What are you REALLY craving?
That’s one of my top three favourite questions to ask as a coach. It’s a loaded question and it gives clients the space to dig deep.
I’d been drinking alcohol (or “using” as I now like to call it) for over two decades before I asked myself that question. I realised that my reasons had evolved over the years…
I was an incredibly awkward teenager, desperate to feel more socially capable, and guess what solved that instantly for me? Pints of cider. At that point in my life, I felt alone – and I was craving confidence and connection.
In my 20s, when I was stressed out to the max with my job and my confidence levels were still very low, I started to use alcohol to numb. I turned to wine to eliminate stress. I was craving relaxation and escape.
Fast forward to my 30s and being in the throes of motherhood; I started to use alcohol to avoid processing traumatic events and intrusive thoughts. I was craving peace.
Sounds like a silver bullet right? Well fast forward to my late 30s and I can categorically say no, drinking away your problems just doesn’t work.
Even though I didn’t drink every day, I became more anxious, my sleep and my skin was messed up, and my self-esteem and productivity continued to plummet. I was avoiding building my confidence naturally, and I wasn’t practised at processing anything without numbing out. So my ability to bounce back was getting eroded, and my dopamine levels were forever being messed with, which affected my happiness.
No wonder I wasn’t in a fit state to process any past trauma!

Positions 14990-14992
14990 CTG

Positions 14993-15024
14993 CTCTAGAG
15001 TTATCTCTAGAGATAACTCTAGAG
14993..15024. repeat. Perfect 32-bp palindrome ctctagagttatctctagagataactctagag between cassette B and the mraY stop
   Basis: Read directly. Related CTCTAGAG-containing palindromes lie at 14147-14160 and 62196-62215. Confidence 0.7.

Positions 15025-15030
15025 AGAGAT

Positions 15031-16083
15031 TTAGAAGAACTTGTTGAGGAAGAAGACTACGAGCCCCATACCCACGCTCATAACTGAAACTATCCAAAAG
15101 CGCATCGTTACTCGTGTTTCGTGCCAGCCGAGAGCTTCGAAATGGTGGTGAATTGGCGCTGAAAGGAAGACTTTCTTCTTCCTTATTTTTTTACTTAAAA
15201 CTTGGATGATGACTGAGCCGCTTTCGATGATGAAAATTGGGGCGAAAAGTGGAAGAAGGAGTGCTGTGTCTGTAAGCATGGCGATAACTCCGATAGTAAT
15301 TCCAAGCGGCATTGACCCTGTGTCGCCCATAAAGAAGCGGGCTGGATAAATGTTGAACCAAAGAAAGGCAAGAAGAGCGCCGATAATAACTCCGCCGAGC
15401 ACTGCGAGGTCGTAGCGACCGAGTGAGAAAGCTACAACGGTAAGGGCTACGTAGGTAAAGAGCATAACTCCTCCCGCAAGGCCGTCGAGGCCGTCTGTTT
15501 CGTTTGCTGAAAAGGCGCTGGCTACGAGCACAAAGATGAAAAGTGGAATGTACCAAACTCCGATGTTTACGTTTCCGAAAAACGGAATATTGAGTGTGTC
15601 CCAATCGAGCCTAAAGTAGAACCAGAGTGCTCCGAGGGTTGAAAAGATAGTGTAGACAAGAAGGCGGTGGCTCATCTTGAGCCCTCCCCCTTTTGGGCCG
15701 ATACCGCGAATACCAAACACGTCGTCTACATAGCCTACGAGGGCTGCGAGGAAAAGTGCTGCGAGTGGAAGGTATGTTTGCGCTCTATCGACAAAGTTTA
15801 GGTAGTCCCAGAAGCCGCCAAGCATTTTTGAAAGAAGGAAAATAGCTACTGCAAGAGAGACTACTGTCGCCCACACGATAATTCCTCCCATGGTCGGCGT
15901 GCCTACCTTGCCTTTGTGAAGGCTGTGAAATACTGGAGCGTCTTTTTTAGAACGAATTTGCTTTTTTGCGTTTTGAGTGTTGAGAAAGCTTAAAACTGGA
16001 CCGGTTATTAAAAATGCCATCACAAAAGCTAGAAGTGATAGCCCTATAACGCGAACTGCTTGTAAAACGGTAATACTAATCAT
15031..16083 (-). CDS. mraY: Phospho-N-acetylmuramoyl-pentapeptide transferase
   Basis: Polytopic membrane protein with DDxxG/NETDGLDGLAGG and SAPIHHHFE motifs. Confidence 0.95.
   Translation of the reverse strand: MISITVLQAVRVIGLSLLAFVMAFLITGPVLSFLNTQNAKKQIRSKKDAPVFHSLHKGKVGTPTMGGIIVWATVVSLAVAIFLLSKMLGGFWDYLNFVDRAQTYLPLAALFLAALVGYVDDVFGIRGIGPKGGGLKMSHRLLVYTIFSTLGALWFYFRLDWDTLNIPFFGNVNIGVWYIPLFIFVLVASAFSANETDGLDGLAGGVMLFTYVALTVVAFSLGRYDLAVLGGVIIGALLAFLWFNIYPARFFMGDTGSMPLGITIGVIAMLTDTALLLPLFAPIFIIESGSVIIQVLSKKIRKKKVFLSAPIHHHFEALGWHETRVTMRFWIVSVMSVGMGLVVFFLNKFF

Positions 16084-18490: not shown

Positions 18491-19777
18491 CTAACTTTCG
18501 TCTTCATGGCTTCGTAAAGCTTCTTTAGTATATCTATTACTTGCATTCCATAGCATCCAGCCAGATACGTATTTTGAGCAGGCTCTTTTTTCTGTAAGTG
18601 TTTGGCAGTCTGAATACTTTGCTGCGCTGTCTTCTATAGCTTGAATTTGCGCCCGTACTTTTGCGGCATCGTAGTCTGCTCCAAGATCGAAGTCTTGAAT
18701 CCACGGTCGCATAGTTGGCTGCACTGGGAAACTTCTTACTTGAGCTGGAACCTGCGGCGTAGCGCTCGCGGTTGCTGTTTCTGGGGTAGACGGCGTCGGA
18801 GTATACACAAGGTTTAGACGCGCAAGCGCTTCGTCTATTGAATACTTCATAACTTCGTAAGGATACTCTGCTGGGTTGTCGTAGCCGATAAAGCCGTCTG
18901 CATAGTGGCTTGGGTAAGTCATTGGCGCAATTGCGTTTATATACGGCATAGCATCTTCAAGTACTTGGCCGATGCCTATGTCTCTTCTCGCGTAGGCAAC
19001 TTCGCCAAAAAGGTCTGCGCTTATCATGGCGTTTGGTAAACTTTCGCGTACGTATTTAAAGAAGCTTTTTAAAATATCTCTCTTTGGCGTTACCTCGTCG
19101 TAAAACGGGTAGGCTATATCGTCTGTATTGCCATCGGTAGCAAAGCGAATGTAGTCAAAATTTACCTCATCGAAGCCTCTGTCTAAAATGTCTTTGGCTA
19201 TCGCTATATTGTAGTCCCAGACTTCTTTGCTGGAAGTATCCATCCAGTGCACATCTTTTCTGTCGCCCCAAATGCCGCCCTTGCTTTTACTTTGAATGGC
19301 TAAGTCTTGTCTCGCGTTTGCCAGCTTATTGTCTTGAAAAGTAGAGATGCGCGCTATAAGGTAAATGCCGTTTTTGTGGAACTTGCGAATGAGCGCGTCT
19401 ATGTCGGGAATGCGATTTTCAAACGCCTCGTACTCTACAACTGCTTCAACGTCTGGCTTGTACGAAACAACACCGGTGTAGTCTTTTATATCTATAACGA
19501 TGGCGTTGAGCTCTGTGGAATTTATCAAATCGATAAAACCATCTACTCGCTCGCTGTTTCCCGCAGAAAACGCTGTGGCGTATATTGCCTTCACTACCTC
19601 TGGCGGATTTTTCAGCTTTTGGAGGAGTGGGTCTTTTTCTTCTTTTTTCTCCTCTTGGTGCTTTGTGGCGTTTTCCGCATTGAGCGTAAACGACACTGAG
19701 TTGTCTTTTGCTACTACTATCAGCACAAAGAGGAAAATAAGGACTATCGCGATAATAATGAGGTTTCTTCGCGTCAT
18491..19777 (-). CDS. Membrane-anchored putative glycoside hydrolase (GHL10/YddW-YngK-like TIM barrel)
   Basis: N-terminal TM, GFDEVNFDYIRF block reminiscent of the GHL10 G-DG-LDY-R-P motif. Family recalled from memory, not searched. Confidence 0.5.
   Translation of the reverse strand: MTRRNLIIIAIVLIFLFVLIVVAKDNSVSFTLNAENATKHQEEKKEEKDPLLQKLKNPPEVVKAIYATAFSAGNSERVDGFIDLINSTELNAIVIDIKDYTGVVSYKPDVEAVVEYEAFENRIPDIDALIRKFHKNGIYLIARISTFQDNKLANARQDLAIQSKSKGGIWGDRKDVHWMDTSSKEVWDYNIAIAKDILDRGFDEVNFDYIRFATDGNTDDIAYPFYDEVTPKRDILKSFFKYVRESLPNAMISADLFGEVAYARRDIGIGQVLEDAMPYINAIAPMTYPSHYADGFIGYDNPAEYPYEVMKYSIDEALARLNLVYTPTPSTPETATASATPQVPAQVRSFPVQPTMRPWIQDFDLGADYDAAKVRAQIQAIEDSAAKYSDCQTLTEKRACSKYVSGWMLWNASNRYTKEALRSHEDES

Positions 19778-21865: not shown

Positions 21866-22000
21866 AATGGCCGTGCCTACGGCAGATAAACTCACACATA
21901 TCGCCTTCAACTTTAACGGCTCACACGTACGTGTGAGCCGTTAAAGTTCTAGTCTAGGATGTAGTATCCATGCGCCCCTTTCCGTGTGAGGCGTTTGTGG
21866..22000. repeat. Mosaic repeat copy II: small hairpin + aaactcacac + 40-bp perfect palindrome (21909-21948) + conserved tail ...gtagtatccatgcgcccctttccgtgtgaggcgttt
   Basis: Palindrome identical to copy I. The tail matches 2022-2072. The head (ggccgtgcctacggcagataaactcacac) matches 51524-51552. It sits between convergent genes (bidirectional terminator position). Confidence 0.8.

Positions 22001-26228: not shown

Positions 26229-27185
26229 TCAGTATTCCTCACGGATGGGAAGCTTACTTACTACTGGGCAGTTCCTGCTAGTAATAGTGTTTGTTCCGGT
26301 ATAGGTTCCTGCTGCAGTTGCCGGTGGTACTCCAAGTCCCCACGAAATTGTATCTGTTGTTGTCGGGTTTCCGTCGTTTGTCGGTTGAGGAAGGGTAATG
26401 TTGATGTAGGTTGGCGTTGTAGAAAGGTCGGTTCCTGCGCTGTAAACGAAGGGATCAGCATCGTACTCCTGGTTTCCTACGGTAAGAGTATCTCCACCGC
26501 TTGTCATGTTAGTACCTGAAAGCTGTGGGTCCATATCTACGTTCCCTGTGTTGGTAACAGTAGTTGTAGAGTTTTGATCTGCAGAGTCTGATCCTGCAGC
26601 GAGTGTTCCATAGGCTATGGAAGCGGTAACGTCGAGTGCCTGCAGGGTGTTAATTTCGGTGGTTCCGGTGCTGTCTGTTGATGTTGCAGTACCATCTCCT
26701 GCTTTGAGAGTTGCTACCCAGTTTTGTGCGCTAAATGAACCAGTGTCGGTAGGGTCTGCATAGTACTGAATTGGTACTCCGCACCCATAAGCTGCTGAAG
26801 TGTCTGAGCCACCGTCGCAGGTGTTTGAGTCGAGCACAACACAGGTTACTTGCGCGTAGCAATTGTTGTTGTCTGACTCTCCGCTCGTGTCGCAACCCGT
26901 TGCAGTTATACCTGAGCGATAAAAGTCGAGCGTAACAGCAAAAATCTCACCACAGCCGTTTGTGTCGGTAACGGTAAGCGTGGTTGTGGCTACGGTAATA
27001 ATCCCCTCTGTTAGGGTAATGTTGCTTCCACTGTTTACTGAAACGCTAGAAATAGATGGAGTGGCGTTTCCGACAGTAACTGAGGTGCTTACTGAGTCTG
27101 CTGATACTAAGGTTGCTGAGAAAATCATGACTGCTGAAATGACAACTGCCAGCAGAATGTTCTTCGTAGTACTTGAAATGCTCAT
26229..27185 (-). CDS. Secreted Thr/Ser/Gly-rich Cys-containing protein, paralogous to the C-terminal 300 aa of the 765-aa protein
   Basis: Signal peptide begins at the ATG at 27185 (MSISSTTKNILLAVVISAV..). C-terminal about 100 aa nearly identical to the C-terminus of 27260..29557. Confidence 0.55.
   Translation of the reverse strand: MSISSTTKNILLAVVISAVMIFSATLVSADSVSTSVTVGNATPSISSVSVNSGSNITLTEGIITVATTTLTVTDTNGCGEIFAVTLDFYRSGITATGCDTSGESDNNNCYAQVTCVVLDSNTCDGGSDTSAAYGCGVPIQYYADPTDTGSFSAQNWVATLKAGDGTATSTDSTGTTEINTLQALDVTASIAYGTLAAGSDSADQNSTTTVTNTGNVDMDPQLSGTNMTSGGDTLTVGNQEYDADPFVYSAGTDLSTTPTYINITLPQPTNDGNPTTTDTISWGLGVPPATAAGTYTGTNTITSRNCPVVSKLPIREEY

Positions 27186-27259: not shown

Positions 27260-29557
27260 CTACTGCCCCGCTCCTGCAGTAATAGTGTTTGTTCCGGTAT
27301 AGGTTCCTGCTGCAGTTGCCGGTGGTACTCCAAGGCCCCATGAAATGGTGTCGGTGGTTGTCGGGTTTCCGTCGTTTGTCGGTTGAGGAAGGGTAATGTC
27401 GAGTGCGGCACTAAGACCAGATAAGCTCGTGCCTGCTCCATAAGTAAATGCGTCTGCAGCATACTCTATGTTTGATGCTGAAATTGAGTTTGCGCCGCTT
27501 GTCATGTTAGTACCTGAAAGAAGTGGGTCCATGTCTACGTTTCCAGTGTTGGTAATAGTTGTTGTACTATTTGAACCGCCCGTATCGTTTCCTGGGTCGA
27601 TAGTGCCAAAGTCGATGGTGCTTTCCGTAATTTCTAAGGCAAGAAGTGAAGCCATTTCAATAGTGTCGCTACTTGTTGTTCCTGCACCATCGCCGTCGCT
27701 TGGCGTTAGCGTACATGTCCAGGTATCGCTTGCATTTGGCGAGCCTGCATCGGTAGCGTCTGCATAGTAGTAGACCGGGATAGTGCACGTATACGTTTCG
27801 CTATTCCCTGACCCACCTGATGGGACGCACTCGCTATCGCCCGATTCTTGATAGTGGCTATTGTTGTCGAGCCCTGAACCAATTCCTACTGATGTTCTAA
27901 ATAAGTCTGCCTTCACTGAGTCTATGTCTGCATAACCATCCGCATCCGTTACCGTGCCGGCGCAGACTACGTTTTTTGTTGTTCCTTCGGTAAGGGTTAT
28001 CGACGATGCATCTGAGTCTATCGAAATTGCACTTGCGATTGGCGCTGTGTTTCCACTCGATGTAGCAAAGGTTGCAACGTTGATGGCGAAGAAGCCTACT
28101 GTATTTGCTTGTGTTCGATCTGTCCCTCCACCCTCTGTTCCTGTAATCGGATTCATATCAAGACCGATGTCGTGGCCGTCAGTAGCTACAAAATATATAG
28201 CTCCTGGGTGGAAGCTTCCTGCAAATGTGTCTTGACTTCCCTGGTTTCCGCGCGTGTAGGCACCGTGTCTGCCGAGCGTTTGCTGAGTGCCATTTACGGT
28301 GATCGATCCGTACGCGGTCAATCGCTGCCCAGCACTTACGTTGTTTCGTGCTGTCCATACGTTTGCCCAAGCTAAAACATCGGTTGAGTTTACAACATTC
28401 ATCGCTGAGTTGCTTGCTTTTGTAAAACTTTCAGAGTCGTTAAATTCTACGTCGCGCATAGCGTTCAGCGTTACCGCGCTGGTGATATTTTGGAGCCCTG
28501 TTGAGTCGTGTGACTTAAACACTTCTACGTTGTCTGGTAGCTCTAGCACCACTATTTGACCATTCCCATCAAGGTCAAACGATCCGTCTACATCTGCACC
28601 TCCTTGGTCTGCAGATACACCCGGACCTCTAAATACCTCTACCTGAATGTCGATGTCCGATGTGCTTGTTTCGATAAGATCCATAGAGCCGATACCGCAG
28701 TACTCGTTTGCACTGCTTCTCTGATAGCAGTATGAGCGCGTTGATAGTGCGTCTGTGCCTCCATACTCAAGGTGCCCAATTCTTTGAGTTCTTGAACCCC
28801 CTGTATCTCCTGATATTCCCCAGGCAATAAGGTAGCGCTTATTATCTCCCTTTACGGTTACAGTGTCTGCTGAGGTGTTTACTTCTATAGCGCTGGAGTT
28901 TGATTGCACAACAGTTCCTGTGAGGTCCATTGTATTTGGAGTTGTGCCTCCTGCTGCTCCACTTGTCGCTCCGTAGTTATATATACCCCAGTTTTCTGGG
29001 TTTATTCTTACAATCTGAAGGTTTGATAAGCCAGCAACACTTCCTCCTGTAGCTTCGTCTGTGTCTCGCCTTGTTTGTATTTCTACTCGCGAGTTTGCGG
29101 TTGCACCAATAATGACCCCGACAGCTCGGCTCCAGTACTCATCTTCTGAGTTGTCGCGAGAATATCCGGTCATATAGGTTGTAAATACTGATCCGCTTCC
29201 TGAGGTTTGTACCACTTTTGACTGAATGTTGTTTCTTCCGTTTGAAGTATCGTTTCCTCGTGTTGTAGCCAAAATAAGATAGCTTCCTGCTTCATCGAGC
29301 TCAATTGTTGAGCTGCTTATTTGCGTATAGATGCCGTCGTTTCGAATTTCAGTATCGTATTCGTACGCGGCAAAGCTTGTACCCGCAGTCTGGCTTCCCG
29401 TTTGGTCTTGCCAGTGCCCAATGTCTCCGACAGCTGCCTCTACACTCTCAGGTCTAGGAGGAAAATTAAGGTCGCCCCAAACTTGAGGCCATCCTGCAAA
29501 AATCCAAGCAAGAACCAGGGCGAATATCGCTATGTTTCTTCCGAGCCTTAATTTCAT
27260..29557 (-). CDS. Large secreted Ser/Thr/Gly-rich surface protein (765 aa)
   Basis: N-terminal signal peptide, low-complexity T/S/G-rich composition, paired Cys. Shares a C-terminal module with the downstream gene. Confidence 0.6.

Now when I talk about trauma, you may feel less connected to what I am writing. But what I am referring to is “little t trauma” as coaches and therapists call it. This is something that most of us have experienced to some degree, and one of the most common ways people deal with this is to drink it away rather than actually handling the issue head on.
How many times have you been through a distressing event and thought, “I know what to do – I’ll have a drink!” If you were honest with yourself, you were probably craving peace and calm, which alcohol promises to give you, but fails to deliver in the long term.
So what have I gained from eliminating alcohol from my life? So many things…
I have gained the ability to respond to my mind’s cravings with a finely tuned sense of self-awareness. I respond instead of react. I have learnt to build my own confidence, to put boundaries in place so that I can keep stress at bay and protect myself, and most importantly I have worked through (and continue to process) stressful and uncomfortable experiences from my past with a level head.
Ultimately, drinking your feelings away only makes them come back stronger, so why take the risk?
This article was written by Sarah Newlands, sobriety coach, meditation teacher and EFT practitioner. Sarah decided to qualify as a sobriety coach after she managed to stop drinking alcohol altogether in 2018, having been a grey area drinker for decades. Now her main aim is to give back the support that she did not manage to receive herself whilst giving up alcohol. You can get in touch with Sarah via her partner coach page.
December 6, 2022